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Top Welsh beauty spots

There might not be lions and tigers, but with over 230 nature reserves in Wales, you won’t go short when it comes to experiencing the wonders of nature

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Gower Peninsula

Britain’s first Area of Outstanding Natural Beauty has 270 miles of walking trails, which weave through the high ridges overlooking Worm’s Head, to the salt marshes of the Burry Inlet. Swansea AONB

Llŷn Peninsula

The slender, pointy bit is one of the undiscovered gems of Wales, with its sheer black cliffs at Mynydd Mawr and spectacular hill forts dating back to the Iron Age. Llŷn AONB

Clwydian Range

A 20-mile chain of undulating hills, packed with varied and striking features, from open moorland to fertile farmland. Clwydian Range AONB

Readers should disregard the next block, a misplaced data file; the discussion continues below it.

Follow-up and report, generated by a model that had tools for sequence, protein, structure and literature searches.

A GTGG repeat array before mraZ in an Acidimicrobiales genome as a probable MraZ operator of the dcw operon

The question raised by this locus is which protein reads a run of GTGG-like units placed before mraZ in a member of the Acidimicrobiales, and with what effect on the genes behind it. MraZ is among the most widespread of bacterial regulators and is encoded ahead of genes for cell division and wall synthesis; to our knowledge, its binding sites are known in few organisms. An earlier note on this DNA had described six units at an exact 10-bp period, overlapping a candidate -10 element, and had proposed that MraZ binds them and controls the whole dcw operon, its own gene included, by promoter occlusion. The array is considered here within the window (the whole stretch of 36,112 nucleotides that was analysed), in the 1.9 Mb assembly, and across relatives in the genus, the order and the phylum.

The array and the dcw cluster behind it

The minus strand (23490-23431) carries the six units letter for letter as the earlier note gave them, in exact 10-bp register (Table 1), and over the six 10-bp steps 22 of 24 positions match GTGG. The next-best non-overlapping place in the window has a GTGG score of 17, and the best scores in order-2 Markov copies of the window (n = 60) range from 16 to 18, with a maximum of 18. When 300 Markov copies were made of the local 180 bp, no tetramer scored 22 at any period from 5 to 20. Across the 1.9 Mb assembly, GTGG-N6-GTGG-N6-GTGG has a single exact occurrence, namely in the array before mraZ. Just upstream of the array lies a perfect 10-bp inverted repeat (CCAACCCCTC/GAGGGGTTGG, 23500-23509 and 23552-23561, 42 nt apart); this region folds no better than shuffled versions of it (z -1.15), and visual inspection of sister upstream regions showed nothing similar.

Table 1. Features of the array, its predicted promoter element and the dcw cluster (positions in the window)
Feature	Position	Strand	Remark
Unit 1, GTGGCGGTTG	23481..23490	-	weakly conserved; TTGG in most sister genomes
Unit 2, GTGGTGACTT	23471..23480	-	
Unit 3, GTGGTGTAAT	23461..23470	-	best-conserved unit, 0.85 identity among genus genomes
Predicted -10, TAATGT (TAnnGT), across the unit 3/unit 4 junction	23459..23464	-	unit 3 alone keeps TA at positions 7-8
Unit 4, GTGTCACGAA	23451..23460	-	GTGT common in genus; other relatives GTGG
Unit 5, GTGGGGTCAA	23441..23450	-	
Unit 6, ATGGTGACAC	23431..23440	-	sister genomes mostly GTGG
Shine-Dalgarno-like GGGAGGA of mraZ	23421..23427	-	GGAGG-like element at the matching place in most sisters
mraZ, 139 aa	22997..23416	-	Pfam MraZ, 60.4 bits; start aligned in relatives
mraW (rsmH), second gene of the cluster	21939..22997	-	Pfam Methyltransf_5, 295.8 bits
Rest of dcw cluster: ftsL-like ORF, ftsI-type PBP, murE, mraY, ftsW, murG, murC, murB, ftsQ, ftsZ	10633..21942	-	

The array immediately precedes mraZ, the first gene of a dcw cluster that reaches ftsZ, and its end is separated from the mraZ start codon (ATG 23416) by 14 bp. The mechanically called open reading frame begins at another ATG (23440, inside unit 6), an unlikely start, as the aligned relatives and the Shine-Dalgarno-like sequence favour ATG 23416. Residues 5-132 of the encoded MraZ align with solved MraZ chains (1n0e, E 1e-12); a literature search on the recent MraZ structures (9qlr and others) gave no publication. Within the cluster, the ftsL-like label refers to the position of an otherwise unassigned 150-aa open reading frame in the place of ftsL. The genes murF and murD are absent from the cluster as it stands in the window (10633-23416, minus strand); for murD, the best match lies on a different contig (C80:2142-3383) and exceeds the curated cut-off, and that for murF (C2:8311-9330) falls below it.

Anglesey

A fabulous 125-mile coastal path takes in some of the oldest rock formations in Britain, while the varied habitats are a haven for ornithologists. Anglesey AONB

Wye Valley

The entire length of the Wye is designated an AONB, making it arguably the finest lowland landscape in Britain, beloved of poets and artists. Wye Valley AONB

Snowdonia National Park

One of Britain’s best-loved mountains, Snowdon, soars above a majestic landscape of lakes, forests and picturesque villages like Betws-y-Coed and Beddgelert. Snowdonia NP

Pembrokeshire Coast National Park

Britain’s only coastal national park is a spectacular mix of rugged cliffs, sandy beaches and winding estuaries. PembrokeshireCoast.org.uk

Brecon Beacons National Park

The highest mountains in southern Britain aren’t the only highlight in this magical region of ancient woodlands, reservoirs, breathtaking waterfalls and caves.  Brecon Beacons NP

More information

Looking for a place to stay? Read: Stay somewhere different in Wales

All photos © Crown copyright (2012) Visit Wales

Discover more about Wales

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